Day 7: Positivity Isn’t Without Negativity

How did it go?

I woke up with a heavy sense of dread and complete sadness. As is most often the case with depressive symptoms, I can’t tell you why I woke up feeling this—I just did. I somehow managed to get out of bed and get ready for work—shower, brush my teeth, get dressed—which all seemed to happen in a mixture of slow motion and speed, with a pause every so often for a dry sob. It was the least amount of effort I’ve put into my appearance probably since having to administer early morning finals when I was teaching.

As the morning progressed, even before I got Belle and I in the car to leave, I just felt everything welling up into anger. Anger that I had to get up, anger that the Keurig didn’t seem to like the coffee pod I had placed in it (thereby only giving me a half a cup of coffee), anger that I had a commute, anger that I’m so tired…and anger that I feel so worthless and undervalued. I just felt inexplicably angry.

I know, I know. Where’s the positivity?! you ask.

On my commute, I listed to TED Radio Hour’s episode “The Case for Optimism.” For some reason, Tali Sharot’s piece in the episode struck a chord with me. She made the case that we are natural optimists, but that too much (or even too little) optimism can have its own negative side effects. Take a listen, and maybe you’ll see why it stuck with me.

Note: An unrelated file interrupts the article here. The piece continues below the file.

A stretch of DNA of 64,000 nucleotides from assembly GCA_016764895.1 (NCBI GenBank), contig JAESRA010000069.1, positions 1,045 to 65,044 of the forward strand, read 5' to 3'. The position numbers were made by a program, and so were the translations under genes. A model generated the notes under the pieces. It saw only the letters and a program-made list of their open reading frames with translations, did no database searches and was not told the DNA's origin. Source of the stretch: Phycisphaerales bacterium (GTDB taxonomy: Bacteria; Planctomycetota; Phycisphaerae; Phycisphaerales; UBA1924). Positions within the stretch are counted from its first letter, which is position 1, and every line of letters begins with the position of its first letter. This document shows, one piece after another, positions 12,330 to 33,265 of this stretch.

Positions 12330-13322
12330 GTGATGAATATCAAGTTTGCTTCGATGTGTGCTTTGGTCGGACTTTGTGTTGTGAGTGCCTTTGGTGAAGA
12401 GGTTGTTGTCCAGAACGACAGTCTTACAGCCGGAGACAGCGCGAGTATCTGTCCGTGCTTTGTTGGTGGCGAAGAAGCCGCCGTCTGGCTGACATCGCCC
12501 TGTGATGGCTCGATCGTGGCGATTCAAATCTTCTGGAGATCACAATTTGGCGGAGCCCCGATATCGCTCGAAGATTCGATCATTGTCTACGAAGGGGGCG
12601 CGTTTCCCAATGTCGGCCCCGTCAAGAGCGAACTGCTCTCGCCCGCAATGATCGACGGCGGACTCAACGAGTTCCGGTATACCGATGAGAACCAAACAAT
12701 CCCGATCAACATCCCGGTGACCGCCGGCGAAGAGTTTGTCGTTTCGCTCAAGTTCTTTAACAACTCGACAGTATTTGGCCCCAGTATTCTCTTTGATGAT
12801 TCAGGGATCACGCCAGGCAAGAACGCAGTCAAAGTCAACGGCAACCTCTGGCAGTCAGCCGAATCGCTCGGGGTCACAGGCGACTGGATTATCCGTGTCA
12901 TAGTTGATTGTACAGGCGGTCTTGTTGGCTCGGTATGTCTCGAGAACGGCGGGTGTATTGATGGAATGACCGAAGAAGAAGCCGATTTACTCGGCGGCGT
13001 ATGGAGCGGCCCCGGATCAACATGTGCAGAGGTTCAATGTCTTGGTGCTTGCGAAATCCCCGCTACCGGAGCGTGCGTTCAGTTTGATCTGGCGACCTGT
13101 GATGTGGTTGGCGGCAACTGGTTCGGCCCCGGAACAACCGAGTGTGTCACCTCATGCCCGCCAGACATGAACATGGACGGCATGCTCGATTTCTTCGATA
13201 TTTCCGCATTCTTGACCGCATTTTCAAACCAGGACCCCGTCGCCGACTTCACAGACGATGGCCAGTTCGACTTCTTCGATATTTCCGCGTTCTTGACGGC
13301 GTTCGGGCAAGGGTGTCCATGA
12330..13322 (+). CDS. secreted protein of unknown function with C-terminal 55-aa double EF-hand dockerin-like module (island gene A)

As the day wore on, those feelings of frustration and anger never seemed to really go away. They dimmed, perhaps, enough for me to harness some energy for work, but I could feel them all day. I managed to do my job. I got excited about an article I’m writing (more on that once it’s complete). But, deep down, those feelings didn’t go away as I had hoped.

It released when I got home. Yelling at my mom, a flood of tears, screaming into my pillow…and Belle laid near me the entire time, reminding me she was there when I was ready. The one living creature who (I feel) doesn’t judge me for my emotions or decisions.

So, today was not full of positivity. I couldn’t find a way to reframe what I was feeling. But it wasn’t without a lesson.

What did I learn?

In weak moments, pray. As I bawled and screamed into my pillow, I just cried out in prayer. Because nothing else seems to help. And maybe that’s sign enough.

But I think Sharot had a point about positivity. Up until a few months ago, my general optimism served me well. Then real life hit, and suddenly choices had to be made that optimism…well, frankly, optimism wouldn’t be enough. And, in hindsight, I think I was a little too optimistic. I let it cloud my judgement. Just as I am trying to force myself to be positive now, no matter what emotions I face, I think I forced myself to be positive because I didn’t know any other choice. AS Sharot said, though, realism is valuable—that tiny lack of optimism can be realism.

Maybe I shouldn’t push down negative feelings to replace them with positivity. Maybe I need to embrace that negativity, that little bit of realism, in order to become positive.

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